poem index

sign up to receive a new poem-a-day in your inbox

About this Poem 

“’Waiting for Rain’ is from my forthcoming book, Like a Beggar. I’ve been noticing, in some poets I admire, what I’ve come to think of as the long-armed poem—a poem that reaches out and sweeps disparate, unexpected things into its net and yet the elements have enough magnetic attraction, enough resonance that the poem holds together. I wanted to try to do that with this poem so I could speak personally, intimately, while giving my feelings for my daughter a larger context.” —Ellen Bass

Waiting for Rain

Ellen Bass

Finally, morning. This loneliness
feels more ordinary in the light, more like my face
in the mirror. My daughter in the ER again.
Something she ate? Some freshener

someone spritzed in the air?
They’re trying to kill me, she says,
as though it’s a joke. Lucretius
got me through the night. He told me the world goes on

making and unmaking. Maybe it’s wrong
to think of better and worse.
There’s no one who can carry my fear
for a child who walks out the door

not knowing what will stop her breath.
The rain they say is coming
sails now over the Pacific in purplish nimbus clouds.
But it isn’t enough. Last year I watched

elephants encircle their young, shuffling
their massive legs without hurry, flaring
their great dusty ears. Once they drank
from the snowmelt of Kilimanjaro.

Now the mountain is bald. Lucretius knows
we’re just atoms combining and recombining:
star dust, flesh, grass. All night
I plastered my body to Janet,

breathing when she breathed. But her skin,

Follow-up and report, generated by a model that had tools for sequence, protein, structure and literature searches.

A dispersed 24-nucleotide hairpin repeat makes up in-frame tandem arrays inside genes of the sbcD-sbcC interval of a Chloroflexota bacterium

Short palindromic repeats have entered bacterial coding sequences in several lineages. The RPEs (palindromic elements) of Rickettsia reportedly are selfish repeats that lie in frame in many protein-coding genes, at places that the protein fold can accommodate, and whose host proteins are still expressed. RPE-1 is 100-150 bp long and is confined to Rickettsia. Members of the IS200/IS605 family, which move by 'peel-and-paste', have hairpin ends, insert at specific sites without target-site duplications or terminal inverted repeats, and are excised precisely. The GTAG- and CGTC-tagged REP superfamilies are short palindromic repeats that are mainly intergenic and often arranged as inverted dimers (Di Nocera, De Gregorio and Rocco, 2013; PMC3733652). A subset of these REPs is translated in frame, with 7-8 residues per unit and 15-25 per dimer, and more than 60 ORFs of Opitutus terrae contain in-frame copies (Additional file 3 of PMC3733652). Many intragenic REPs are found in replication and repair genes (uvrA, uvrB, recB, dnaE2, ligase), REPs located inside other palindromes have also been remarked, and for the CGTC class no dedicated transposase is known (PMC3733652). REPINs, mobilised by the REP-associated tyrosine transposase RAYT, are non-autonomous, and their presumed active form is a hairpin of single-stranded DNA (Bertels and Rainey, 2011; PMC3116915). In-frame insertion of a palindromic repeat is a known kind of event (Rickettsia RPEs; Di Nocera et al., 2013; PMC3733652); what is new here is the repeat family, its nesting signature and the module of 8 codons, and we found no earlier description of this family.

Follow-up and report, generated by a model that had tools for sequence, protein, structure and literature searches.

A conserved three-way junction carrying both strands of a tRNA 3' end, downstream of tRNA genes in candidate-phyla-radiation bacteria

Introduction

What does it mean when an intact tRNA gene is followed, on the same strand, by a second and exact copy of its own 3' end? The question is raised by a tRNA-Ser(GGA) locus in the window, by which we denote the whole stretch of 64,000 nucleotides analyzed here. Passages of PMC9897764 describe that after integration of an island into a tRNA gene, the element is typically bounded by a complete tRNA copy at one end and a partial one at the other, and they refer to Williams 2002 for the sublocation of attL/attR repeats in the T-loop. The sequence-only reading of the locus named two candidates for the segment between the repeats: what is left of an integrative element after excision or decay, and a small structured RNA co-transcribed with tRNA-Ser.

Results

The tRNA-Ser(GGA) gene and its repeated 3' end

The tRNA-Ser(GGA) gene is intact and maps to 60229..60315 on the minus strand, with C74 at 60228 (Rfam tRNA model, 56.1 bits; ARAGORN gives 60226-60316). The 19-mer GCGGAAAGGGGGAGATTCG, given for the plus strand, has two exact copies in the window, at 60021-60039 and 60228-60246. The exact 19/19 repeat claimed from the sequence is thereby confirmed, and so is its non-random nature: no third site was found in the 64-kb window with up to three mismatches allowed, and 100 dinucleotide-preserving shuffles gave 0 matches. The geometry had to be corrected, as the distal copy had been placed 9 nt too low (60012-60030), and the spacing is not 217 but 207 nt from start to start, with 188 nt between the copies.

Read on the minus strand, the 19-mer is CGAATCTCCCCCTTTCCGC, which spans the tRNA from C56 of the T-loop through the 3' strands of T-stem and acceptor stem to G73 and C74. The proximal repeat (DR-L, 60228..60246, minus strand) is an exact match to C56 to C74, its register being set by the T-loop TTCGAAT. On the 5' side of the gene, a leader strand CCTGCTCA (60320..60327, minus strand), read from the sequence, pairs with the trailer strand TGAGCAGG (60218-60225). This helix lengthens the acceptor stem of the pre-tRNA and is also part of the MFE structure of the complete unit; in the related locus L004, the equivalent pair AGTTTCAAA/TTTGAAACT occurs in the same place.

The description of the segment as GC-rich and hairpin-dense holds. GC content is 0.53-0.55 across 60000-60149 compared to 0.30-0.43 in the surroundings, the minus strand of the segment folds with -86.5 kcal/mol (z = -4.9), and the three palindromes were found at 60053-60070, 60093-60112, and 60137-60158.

warm as it is, does, after all, keep me out.
How tenuous it all is.
My daughter’s coming home next week.

She’ll bring the pink plaid suitcase we bought at Ross.
When she points it out to the escort
pushing her wheelchair, it will be easy
to spot on the carousel. I just want to touch her.

Copyright © 2013 by Ellen Bass. Used with permission of the author. This poem appeared in Poem-A-Day on September 30, 2013. Browse the Poem-A-Day archive.

Copyright © 2013 by Ellen Bass. Used with permission of the author. This poem appeared in Poem-A-Day on September 30, 2013. Browse the Poem-A-Day archive.

Ellen Bass

by this poet

poem
The women in my family
strip the succulent
flesh from broiled chicken,
scrape the drumstick clean;
bite off the cartilage chew the gristle, 
crush the porous swellings
at the ends of each slender baton.
With strong molars
they split the tibia, sucking out
the dense marrow. 
They use up love, they swallow 
every
poem
Bring me your pain, love. Spread 
it out like fine rugs, silk sashes, 
warm eggs, cinnamon
and cloves in burlap sacks. Show me

the detail, the intricate embroidery 
on the collar, tiny shell buttons, 
the hem stitched the way you were taught,
pricking just a thread, almost invisible.

Unclasp it like jewels,